“Poland took a giant sidestep,” or something to that effect, said Churchill, to explain that half of Poland’s territory, which Britain had entered the war to defend, was to be lost to the Russians—but never mind, Poland would be compensated by a similar amount from Germany.  Standing the old axiom on its head, two wrongs were to make a right.

As Srdja Trifkovic wrote in another connection, “the key to understanding is not sympathy or respect . . . it is curiosity, intellectual engagement, and a respect for truth.”  A respect for truth is sorely needed to put Churchill into perspective.

        —Howard Sitton
Carmel Valley, CA

Mr. Turner Replies:

I agree with Mr. Sitton that Chur-chill was culpable for having ordered the unnecessary deaths of many thousands of German civilians during RAF bombing raids, most notoriously in Dresden.  I also agree that Churchill could be devious when he chose.  Nor am I blind to Churchill’s personal weaknesses or his many mistakes, which extended over a very long period, from ordering the Gallipoli invasion to presiding over the beginnings of postwar immigration into the United Kingdom.  And I hope I have “a respect for truth,” believing, as I do, that the reputations and records of figures such as Churchill should always be open to objective examination.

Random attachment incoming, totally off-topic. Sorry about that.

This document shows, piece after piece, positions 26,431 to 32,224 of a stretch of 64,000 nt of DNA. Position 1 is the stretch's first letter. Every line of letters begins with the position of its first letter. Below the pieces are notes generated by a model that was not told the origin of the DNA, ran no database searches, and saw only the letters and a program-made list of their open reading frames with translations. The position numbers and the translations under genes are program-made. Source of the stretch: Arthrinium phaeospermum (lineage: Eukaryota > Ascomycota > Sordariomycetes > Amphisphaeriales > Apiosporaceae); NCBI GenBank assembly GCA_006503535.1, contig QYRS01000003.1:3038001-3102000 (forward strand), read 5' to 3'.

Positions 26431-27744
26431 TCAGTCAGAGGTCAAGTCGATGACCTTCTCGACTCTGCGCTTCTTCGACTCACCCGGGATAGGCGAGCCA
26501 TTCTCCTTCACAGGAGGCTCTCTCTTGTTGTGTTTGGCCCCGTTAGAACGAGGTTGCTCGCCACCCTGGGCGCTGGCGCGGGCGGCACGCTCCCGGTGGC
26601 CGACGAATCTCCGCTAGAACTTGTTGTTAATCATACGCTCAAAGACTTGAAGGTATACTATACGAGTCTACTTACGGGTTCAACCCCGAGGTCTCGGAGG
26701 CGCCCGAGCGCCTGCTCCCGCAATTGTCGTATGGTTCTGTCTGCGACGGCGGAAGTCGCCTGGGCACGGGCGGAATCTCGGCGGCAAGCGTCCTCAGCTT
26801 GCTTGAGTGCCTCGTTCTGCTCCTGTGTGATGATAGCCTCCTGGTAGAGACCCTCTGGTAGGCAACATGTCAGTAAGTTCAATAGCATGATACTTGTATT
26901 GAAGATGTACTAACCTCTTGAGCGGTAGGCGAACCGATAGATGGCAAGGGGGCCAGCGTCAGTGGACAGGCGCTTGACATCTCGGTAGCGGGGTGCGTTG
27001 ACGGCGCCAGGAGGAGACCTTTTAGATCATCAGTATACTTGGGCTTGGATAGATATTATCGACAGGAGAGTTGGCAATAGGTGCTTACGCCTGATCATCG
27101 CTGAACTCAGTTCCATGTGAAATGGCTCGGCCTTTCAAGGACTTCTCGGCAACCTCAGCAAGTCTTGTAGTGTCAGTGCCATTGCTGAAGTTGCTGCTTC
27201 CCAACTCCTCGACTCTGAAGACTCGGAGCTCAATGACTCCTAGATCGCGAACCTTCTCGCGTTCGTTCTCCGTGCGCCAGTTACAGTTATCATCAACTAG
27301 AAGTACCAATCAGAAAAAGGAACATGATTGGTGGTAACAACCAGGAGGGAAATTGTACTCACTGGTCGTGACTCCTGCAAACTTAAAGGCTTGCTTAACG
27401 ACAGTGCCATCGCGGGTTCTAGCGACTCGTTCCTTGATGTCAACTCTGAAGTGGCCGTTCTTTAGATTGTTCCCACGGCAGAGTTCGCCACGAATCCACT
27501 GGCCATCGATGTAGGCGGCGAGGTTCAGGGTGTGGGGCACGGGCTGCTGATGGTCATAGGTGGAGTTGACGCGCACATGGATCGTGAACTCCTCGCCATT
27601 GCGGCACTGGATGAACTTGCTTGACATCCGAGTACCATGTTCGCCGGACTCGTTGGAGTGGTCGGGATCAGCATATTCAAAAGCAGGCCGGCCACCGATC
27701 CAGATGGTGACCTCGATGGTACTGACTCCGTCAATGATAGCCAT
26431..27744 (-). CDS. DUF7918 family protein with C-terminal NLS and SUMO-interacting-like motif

Yet, when his personality and his government—and his “evil deeds”—are measured against those of Hitler, there is a clear imbalance in Churchill’s favor.  While the crimes of the Nazis are certainly continually emphasized, there is no doubt that there were important qualitative differences between Churchill’s and Hitler’s systems of government.  Although Chur-chill’s postwar governments were inglorious to say the least, his most profound instincts were conservative, patriotic, and as democratic as one might expect from an English aristocrat of his generation.  Hitler’s instincts, on the other hand, were radically anticonservative, brutally imperialist, and profoundly undemocratic.  The injustices and crimes of wartime Britain were nothing compared with those of wartime Germany.

I would suggest that Mr. Sitton is overly preoccupied with Churchill’s admittedly regrettable record on the bombing of civilians in Dresden and elsewhere.  While these were horrific events, the raids were themselves a response—even if, at times, an inappropriate and sanguinary response—to massive German raids on London and elsewhere.  Excesses inevitably happen on all sides during wars, when the normal rules of behavior are suspended and politicians want—and want to be seen to want—revenge on enemies who have killed their comrades and countrymen.  I say this not to exculpate but to explain.

As I see it, Churchill’s greatest mistake was that he did not galvanize the postwar Tory party to take action to preserve the kind of Britain so many people—not just British ones—died to save.